“Mom would fit so much shit in her suitcases going back and forth to Nigeria. That’s probably where I get the OCD from and learned how to fit so much in tight spaces.” He recalls all the seemingly random assortment of goods she brought back while insisting they too would find their use with time. The most subtle for Clement being the Art, which took its time to reveal its effect on him. “I used to get creeped out feeling like these bodies were submerged, and it was way later that I had this ‘oh shit’ moment of realizing it was so embedded into my personal aesthetic that I didn’t even consider it ‘Art.’” He recalls being exposed to the bronze head sculptures of the Ife in modern-day Nigeria and how they are a direct influence on his affinity for facial representation in his work. “Colonizers thought it had to be made by Aliens because it was so much more advanced than what Europeans were doing.” Clement went to school for Urban Planning and expresses that he also hadn’t really thought of his work as Art, the way we represent it today, for some time before befriending fellow artists like Johnston Foster, who also makes sculpture from discarded material.
We decide to go to Bed-Stuy Community Garden, where he’s most active, so he can complete some errands he’d been putting off and teach me more about gardening, among other things. As we prepare to go, he’s watering the plants around his studio. I notice that both natural light sources—a single studio window and a bathroom window—are nearly completely blocked by walls of infant plants in improvised vessels. He transfers maturing plants to larger containers and plucks buds into hanging water orbs. “Anything I find with a vacancy, I try to put a plant in it.” There’s a collection of old work shoes hanging in the corner. “Yeah, you know the shoes you see thrown over light poles and shit? I’ve been wondering if I can plant something in them.”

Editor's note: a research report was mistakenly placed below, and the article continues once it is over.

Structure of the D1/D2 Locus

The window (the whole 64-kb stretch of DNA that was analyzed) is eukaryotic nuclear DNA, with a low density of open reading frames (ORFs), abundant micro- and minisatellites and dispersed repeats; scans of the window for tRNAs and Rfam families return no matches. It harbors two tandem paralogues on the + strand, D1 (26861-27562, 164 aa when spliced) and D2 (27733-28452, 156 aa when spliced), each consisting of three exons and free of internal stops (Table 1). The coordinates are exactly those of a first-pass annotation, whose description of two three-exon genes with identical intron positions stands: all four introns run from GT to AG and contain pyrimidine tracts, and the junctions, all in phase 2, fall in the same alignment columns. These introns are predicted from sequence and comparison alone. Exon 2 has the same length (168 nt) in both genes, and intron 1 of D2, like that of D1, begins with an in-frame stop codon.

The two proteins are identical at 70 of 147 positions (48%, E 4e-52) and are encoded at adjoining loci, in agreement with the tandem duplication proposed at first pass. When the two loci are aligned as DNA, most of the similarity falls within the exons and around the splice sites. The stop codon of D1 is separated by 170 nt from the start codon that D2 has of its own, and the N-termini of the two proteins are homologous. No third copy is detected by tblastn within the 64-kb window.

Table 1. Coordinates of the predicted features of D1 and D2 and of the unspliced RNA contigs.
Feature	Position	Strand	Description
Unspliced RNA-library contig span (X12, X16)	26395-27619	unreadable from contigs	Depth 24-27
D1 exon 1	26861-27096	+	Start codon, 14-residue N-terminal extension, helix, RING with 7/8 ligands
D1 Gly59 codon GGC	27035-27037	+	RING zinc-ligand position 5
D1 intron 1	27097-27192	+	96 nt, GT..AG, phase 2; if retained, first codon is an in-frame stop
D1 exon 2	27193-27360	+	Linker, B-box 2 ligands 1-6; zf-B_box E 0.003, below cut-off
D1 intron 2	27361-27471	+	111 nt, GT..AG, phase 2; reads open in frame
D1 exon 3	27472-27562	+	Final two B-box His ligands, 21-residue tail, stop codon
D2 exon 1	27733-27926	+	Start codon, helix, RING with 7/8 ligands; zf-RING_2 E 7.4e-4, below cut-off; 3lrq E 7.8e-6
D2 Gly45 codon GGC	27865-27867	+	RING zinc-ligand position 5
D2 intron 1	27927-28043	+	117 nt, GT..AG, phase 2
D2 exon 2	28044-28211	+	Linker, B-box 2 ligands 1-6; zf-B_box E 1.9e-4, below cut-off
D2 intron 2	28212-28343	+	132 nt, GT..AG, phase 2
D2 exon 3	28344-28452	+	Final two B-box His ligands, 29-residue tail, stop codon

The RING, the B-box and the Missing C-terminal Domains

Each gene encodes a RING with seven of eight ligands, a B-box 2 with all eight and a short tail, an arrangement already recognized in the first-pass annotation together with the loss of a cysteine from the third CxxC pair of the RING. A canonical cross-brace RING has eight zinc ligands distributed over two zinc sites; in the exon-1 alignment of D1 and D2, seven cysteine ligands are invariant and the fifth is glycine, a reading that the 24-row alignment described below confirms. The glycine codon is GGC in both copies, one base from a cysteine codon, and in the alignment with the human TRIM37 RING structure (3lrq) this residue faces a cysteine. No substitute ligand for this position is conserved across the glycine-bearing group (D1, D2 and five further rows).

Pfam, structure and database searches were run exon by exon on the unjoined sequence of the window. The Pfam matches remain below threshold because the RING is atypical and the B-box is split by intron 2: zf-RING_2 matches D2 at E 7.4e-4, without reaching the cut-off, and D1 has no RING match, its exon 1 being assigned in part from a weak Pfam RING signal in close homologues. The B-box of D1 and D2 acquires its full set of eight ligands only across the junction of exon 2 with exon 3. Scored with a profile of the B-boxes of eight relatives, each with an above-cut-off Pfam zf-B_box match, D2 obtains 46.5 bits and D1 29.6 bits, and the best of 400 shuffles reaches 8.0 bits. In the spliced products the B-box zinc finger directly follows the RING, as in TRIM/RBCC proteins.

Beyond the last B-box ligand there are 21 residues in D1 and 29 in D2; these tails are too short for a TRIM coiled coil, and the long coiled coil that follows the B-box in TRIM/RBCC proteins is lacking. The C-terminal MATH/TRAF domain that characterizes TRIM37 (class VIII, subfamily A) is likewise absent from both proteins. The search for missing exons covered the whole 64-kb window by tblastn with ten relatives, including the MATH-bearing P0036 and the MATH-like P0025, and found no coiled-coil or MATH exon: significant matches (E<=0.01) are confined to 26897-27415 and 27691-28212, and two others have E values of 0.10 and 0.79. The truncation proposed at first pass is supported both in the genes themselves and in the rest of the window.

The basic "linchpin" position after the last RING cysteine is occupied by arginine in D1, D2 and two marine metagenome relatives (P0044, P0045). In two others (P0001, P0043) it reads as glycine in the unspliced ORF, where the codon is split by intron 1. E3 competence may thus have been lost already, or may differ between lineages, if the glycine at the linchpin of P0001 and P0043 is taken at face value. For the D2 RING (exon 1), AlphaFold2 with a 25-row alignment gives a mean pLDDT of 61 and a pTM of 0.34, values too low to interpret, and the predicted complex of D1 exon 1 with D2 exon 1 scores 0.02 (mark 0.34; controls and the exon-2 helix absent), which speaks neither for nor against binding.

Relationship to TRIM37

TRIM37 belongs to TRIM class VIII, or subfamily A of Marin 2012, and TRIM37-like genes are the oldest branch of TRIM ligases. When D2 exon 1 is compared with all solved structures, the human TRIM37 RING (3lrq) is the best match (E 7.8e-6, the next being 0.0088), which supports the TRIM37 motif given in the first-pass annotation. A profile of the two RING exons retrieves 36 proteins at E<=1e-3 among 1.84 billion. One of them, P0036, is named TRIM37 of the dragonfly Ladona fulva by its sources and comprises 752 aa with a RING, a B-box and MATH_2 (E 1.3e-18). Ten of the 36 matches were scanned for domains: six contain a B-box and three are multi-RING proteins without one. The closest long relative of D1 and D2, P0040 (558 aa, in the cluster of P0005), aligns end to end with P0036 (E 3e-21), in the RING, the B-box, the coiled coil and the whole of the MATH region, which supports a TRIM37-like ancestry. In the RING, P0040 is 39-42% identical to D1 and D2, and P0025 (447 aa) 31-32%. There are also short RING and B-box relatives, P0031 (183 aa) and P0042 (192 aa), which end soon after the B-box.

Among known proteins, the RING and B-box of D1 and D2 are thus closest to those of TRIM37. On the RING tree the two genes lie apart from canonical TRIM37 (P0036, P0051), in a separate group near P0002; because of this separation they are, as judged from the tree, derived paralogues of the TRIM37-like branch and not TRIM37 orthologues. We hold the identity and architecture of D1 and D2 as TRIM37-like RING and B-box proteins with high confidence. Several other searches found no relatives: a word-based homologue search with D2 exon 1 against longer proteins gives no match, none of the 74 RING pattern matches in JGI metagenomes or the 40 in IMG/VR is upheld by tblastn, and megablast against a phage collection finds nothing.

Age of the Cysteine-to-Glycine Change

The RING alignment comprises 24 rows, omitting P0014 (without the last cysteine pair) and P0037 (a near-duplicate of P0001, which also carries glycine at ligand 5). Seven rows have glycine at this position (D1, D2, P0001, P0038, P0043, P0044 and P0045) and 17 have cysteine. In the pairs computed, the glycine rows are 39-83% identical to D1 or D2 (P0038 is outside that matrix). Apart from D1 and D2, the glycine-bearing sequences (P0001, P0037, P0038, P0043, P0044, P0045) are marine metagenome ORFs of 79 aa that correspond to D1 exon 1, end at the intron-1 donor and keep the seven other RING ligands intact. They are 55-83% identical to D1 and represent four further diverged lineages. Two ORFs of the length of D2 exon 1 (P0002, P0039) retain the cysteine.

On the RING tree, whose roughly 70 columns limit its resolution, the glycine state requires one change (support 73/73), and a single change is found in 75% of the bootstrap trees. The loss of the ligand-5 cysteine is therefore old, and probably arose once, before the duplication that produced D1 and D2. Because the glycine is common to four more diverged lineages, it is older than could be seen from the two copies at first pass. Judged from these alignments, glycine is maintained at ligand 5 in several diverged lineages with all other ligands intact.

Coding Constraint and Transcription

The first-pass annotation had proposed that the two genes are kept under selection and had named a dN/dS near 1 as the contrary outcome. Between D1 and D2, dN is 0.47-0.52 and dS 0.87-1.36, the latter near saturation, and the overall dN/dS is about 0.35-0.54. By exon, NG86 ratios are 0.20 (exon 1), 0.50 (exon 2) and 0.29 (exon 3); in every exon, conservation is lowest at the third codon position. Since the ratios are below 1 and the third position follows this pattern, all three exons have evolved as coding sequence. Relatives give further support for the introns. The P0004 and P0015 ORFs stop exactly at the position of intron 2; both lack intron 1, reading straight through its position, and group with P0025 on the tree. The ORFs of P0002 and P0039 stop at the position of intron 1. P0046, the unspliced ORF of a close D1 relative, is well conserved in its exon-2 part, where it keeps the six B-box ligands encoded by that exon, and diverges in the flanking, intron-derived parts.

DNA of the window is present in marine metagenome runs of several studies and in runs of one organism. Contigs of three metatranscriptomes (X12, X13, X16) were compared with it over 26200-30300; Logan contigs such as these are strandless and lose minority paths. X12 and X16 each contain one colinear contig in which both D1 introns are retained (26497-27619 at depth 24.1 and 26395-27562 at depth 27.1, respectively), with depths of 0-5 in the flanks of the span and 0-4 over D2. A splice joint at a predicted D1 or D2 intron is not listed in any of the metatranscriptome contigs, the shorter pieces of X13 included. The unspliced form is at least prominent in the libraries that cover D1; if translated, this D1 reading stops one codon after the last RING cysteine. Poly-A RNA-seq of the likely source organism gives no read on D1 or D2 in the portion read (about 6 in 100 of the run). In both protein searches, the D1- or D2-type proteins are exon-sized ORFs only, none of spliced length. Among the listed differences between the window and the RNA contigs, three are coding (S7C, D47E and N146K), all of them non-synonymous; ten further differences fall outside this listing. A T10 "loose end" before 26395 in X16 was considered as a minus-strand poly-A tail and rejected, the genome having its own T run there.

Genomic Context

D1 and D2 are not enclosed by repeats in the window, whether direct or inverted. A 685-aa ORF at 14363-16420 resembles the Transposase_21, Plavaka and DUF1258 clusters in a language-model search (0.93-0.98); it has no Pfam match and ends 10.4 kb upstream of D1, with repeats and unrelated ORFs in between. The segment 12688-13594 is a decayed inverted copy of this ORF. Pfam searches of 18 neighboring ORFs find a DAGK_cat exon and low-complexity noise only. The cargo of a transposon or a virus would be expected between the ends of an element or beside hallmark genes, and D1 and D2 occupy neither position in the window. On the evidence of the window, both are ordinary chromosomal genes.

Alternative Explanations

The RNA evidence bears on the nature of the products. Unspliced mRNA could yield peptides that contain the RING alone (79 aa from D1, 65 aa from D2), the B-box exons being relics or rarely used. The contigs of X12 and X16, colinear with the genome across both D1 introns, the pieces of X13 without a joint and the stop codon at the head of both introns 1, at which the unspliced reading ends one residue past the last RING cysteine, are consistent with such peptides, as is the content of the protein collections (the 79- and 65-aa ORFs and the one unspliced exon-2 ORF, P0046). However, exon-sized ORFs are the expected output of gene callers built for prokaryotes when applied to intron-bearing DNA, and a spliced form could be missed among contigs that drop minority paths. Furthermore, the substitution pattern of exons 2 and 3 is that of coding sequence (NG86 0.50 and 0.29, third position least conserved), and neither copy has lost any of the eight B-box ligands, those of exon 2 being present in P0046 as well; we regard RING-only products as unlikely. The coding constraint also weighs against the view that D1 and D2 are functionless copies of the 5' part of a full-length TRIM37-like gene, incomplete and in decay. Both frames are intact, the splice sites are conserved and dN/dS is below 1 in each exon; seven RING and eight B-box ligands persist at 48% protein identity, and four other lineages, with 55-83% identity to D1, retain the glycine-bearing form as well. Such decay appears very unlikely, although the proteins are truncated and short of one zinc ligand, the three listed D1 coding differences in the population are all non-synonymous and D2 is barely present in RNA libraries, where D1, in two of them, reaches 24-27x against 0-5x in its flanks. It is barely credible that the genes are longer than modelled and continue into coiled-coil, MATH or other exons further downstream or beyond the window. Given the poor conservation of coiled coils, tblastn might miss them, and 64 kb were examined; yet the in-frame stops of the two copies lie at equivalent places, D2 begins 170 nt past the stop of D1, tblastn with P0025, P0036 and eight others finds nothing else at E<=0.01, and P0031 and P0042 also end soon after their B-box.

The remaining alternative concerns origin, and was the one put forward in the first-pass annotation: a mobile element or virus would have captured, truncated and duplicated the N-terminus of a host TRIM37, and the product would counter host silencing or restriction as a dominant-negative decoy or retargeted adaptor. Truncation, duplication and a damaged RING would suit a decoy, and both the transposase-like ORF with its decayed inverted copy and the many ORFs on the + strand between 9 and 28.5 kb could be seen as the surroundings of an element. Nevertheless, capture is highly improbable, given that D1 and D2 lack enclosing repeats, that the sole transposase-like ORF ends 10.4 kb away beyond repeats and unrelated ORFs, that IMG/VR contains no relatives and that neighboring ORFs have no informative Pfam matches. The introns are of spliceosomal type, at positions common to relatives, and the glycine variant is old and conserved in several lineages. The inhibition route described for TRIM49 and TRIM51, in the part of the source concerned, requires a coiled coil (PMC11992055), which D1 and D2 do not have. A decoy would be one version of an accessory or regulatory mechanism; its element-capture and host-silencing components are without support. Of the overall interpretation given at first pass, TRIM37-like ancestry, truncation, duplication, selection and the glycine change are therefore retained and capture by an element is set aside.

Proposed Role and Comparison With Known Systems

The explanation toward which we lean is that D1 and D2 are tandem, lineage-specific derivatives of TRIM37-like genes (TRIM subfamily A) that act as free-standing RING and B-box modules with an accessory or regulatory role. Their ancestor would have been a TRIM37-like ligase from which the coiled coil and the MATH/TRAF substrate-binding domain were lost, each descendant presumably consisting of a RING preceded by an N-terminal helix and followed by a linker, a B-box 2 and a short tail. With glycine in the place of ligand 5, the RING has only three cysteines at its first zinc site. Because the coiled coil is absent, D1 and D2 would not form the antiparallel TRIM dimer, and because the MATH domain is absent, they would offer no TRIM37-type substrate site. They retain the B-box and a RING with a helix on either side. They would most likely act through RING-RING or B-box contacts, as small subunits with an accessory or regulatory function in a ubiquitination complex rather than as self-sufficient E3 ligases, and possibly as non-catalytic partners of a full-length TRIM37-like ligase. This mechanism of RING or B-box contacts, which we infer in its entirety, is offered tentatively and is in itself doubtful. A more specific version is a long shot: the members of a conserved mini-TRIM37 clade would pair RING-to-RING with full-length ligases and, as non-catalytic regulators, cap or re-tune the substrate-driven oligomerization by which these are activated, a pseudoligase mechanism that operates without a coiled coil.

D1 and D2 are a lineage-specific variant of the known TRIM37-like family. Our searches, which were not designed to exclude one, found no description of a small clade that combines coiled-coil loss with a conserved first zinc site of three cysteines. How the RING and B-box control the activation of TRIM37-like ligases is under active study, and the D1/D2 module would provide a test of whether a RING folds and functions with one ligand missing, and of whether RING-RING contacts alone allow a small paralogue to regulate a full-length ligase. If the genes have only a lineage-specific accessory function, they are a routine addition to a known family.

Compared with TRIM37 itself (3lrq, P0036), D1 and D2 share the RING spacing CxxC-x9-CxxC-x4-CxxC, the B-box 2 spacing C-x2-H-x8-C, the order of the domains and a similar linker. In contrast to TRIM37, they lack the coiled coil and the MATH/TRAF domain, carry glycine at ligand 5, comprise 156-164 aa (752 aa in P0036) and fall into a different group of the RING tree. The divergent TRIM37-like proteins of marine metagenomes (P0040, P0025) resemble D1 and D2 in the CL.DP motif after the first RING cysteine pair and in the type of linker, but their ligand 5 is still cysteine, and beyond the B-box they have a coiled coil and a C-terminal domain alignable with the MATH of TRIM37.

As we ride our bikes to the Community Garden, Clement stops every couple blocks to examine something he sees thrown on the street but doesn’t collect anything, indicating his eye is much more discerning than his packed studio would have you assume. Meanwhile, as we pass through Bushwick into Bed-Stuy, I look at the old sneakers, and occasional fresh pair of Jordans slung by their laces over wires and street poles, imagining them overflowing with flowers, soaring against the blue sky. I’m reminded of last year at this same time, the crowds of people marching these same streets after George Floyd’s murder. I remember Clement then telling me about his experience at the first major protest in New York City—which happened to be on his birthday—where he was maced point-blank by an unprovoked police officer. He recalled being blind in that crowd of people, hearing the roars of pain behind the shutter clicks of cameras in his face. Eventually, a young woman grabs his shoulder and asks permission to dump milk on his face to nullify the burning effects. The image of hurt and relief as the white milk pours in contrast over his dark complexion attracts photographers like flies to sugar, with just one waiting to see if he was okay and ask permission to use the image of his suffering. Days later, we planned to meet at another protest, understanding the importance of having a friend present to look out for you, or know where you were. He texted me just before we were both leaving our apartments to tell me he had taken the time to fill his bike basket with water balloons that he had filled with urine. I laughed at what felt like a childish antic that I didn’t quite understand yet. When I arrived, I saw some messages he sent while I was riding. His bike wheel got caught in a slim pothole riding down Broadway. As he tried to turn out, it folded his wheel and sent him over the handlebars. Balloons of piss exploding everywhere, he had to go home. He says he took it as a sign that he needed somewhere else to guide what he describes as an utterly helpless rage. “Like, I can’t hit a cop without expecting the worst. I can’t throw these balloons, apparently. That’s when I started introducing wood carving back into my work; I needed to hack away at these chunks of wood, get some rage out in making these objects.”